Parents at a scandal-riven school were told it will not re-open after all - less than one month before the start of term.
Rudolf Steiner School Kings Langley (RSSKL) was forced to close in June, after a series of problems with safeguarding, leadership, and inability to get insurance.
Just weeks later trustees announced plans to re-open a ‘new’ school on the same site on September 24, with the same staff, curriculum and students.
But they have now had to admit defeat.
In an email to parents the trustees said: “It was a very difficult decision to terminate negotiations having put so much time and effort into them and having, we believed, come so close to reaching a deal, but a clear majority of the trustees voted to reject further negotiation.
“All decision making processes have been carried out in line with Charity Commission regulations.
“It is worth noting, even at this point, Alpha have been given an opportunity to return to RSSKL with an offer reflecting the agreements we had reached with them on July 31, but to date we have received no communication from them.”
The re-opened school would have been part of the Alpha Schools group, an organisation based in High Wycombe.
The Alpha Group’s chief executive Ali Khan was unimpressed by RSSKL’s version of events, saying there were a number of inaccuracies in the email sent to parents.
And he accused the £9,857-a-year school of either having “a complete lack of understanding” or “deliberately misleading” parents.
RSSKL made a series of claims to parents about the failed negotiations with Alpha Schools.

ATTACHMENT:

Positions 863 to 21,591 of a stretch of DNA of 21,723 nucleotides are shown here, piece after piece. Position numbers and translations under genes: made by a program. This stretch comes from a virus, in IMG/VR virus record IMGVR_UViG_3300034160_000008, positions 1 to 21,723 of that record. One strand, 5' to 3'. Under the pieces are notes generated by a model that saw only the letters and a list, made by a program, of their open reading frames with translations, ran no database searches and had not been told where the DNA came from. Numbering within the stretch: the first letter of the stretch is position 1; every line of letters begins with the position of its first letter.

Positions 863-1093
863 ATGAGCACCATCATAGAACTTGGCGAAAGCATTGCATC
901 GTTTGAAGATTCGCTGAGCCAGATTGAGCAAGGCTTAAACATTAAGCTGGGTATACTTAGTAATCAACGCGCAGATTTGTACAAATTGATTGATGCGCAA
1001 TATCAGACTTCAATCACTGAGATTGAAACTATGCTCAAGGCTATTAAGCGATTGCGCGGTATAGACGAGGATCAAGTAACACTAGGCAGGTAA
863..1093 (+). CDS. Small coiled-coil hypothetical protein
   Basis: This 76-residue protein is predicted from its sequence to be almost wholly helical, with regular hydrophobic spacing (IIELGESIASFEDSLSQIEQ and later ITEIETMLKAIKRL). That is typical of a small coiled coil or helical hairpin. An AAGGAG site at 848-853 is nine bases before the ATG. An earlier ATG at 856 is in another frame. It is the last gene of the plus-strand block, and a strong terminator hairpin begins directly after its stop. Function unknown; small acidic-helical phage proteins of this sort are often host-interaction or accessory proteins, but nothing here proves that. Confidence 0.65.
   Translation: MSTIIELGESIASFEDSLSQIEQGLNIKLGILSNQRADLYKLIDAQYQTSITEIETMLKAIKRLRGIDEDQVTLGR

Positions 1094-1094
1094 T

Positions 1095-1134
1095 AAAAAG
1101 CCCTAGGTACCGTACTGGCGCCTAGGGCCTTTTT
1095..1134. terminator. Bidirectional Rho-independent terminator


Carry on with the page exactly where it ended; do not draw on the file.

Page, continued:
They claim that the deal would have meant the school continued as a ‘Waldorf’ school, providing the unusual curriculum that RSSKL offered.
RSSKL Trustees were also insisting on being able to oversee the ‘new’ school’s curriculum for the next 25 years.
And trustees said that they wanted to protect assets from being sold off by Alpha School under the deal.
However Alpha Schools described these claims as either untrue or misleading.
One insider told the Gazette that there had never been a plan to re-open RSSKL as a Waldorf school, but that the ‘new’ school would have expanded its curriculum to include aspects of the Steiner teachings.
And Alpha chief executive Ali Khan told the Gazette that Alpha had actually been trying to protect the school’s assets, even offering an interest-free loan to RSSKL.
He said: “Before writing to parents on July 12, we had agreed to the terms set out by the trustees themselves (c. 20-point list) to run a Waldolf curriculum on the site as part of the provision.
“The trustees then decided to add even more requirements, which included monitoring committees, annual reporting, and affiliation with the Steiner Fellowship. All of which, whilst we regarded as entirely unnecessary, we agreed to.
“We have no interest in forcing the sale of RSSKL’s assets or any part of the site. It was the trustees who insisted that they be able to sell Friars Wood and, as negotiations proceeded, the cricket pitches too.
“Our sole interest was to protect our school and so we agreed that if the trustees had to sell, then they had to give us first refusal. In fact, we went further and offered the trustees an additional interest-free loan if it were required to stop them selling further assets.”